School of Engineering, Computing and Mathematics

BSc (Hons) Games Development Technologies

Create your own apps, games, virtual and mixed reality solutions to build your profile as a versatile developer. This course challenges you to innovate in the games sector while applying your highly transferable skills using game technologies to solve real world problems. Work individually and as part of a team, establishing your portfolio and career trajectory.

Our course is based on a core of computer science complemented by industry veterans and our in-house interdisciplinary interactive systems studio.. We will support you to participate and compete in exhibitions and national events such as the Explay festival, TIGA Game Hack, Explay Gamejam and Global Game Jam

Opportunities available...

  • A course-specific scholarship scheme is available: for more information, see the 'Fees, costs and funding' section, below.
  • Excellence schemes: we may make you a personalised offer if you are a strong candidate – visit our webpage for details.

Visit our showcase

Take your skill and passion for games to the next level by fusing core computer science fundamentals with game development skills and knowledge.

Find out more on the GDT

Careers with this subject

The course places great emphasis on employability, providing highly transferable skills for a fast-evolving sector. Establish a convincing developer profile and your career path through our professional network, developer community and international partners. Alternatively, form a start-up and grow your company in the Formation Zone.

Where could your degree take you?

Key features

  • Create an impressive portfolio of tech demos, indie game releases, and client projects for multiple platforms (working on live projects with real clients). 
  • Experience the full development cycle from initial concept through design process and implementation to final project delivery and product release. 
  • Join our established developer community, participate and compete in exhibitions and national events such as the Explay festival, TIGA Game Hack, Explay Gamejam and Global Game Jam and establish your developer profile.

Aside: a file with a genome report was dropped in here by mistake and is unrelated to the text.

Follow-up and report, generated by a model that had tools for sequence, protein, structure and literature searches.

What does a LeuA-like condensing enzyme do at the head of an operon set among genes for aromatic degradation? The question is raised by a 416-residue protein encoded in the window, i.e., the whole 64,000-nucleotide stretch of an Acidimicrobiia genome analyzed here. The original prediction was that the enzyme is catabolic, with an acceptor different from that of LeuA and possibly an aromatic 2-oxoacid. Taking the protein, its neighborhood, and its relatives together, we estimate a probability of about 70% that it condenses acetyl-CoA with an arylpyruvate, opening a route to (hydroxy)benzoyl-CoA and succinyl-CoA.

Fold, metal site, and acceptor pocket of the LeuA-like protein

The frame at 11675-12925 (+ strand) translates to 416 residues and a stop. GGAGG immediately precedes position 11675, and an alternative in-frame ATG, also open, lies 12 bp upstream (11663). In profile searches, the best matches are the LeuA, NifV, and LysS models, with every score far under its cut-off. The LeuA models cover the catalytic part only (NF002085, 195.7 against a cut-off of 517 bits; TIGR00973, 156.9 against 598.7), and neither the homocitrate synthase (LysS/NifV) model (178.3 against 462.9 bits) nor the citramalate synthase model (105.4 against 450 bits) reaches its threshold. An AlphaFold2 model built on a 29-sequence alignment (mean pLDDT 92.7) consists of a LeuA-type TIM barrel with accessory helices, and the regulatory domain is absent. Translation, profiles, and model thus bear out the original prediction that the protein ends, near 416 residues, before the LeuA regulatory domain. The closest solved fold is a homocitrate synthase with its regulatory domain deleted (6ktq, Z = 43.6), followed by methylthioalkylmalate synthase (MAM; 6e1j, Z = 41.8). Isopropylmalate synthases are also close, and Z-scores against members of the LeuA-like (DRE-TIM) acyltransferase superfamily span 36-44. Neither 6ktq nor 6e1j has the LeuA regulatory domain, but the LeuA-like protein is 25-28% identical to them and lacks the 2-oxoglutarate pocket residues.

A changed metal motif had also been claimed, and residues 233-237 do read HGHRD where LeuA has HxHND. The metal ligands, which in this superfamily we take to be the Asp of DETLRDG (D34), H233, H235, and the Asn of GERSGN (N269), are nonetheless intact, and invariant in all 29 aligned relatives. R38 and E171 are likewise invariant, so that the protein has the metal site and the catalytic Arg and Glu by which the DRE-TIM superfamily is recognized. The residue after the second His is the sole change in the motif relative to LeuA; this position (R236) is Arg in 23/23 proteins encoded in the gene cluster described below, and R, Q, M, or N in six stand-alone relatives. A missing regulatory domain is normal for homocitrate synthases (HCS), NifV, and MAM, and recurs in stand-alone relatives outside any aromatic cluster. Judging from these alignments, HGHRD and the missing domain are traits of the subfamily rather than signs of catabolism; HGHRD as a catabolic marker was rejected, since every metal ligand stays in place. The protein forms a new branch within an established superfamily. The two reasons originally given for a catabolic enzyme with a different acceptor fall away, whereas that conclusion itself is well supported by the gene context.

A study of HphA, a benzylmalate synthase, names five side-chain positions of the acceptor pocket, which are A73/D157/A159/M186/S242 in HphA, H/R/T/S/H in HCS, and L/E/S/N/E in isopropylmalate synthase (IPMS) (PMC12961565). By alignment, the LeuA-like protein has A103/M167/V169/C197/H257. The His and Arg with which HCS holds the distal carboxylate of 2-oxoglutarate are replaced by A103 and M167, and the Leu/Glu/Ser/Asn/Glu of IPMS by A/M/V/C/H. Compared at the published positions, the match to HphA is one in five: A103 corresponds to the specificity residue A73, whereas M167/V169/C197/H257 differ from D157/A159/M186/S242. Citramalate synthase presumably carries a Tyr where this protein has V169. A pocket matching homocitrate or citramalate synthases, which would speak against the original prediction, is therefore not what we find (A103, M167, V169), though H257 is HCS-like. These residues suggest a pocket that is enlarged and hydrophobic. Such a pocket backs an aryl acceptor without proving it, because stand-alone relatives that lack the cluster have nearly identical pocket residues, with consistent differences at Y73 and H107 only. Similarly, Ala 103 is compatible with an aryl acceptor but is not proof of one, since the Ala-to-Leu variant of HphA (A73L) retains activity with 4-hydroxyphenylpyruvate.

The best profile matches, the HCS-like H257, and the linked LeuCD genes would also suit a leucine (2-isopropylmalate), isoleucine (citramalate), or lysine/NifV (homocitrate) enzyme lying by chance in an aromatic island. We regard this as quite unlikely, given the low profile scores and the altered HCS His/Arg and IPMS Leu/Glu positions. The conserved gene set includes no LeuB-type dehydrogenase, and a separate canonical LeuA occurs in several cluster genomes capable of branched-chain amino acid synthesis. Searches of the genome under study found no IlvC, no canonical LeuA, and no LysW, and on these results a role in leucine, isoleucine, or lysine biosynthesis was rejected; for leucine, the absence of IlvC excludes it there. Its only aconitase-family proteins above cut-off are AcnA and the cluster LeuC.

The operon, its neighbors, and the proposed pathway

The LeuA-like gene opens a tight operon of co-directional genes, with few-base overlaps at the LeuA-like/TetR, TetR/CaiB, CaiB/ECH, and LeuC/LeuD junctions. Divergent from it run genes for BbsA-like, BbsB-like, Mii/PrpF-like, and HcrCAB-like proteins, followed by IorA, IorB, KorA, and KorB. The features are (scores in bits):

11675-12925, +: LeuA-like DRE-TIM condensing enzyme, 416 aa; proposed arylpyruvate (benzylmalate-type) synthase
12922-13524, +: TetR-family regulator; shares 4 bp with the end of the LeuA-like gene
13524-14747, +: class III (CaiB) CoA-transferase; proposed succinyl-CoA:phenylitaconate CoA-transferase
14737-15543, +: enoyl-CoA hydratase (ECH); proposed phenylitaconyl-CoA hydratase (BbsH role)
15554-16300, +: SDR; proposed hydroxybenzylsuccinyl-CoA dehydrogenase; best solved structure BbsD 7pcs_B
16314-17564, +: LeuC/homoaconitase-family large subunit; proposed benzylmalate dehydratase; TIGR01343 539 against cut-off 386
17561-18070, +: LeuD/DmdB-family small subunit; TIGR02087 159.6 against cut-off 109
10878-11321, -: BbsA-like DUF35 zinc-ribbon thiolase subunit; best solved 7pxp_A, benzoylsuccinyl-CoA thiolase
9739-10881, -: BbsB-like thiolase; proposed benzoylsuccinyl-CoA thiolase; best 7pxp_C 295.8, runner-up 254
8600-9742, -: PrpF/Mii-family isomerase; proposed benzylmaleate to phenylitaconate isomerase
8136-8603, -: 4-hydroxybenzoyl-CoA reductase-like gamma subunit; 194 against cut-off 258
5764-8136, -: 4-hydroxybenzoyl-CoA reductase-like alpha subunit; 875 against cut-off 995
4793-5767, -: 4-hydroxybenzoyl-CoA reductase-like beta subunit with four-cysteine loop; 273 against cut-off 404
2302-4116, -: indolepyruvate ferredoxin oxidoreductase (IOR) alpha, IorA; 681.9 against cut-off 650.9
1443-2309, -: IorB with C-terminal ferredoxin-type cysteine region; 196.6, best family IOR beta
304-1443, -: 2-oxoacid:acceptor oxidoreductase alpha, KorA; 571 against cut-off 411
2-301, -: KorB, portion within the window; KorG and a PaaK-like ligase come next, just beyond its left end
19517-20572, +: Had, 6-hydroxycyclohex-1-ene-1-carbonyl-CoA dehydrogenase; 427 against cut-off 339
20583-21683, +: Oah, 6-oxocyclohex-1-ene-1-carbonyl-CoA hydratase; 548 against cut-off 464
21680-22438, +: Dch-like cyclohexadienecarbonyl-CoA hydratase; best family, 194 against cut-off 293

• Seeking accreditation by BCS for 2020, The Chartered Institute for IT. We are a member of TIGA, the trade body for the games industry 

Course details
  • Year 1

  • In Year 1 you take part in core software development topics that underpin game development: Programming, data structures and algorithms, security, and databases to build a highly transferable skills base. You will apply this fundamental knowledge to game development, solving gameplay problems and creating experiences with modern game engines.

    Core modules

    • Stage 1 Computing Placement Preparation (BPIE111)

      This module is aimed at students who may be undertaking an industrial placement in the third year of their programme. It is designed to assist students in their search for a placement and in their preparation for the placement itself.

    • Software Engineering 1 (COMP1000)

      This module exposes students to the principles of software design and construction. The basics of constructing source code to solve a problem will be introduced, exposing students to common control structures alongside concepts such as types and generics. Major programming paradigms such as object orientation and functional programming are introduced. Additionally, key software development tools and methods are explored.

    • Computer Systems (COMP1001)

      This module provides students with an underpinning knowledge of how computers work. Topics include low-level systems and representation of data, operating systems, and an introduction to subjects such as virtualisation, parallelism, state and communications. Students will learn how operating systems manage processes and scheduling, and how memory management works.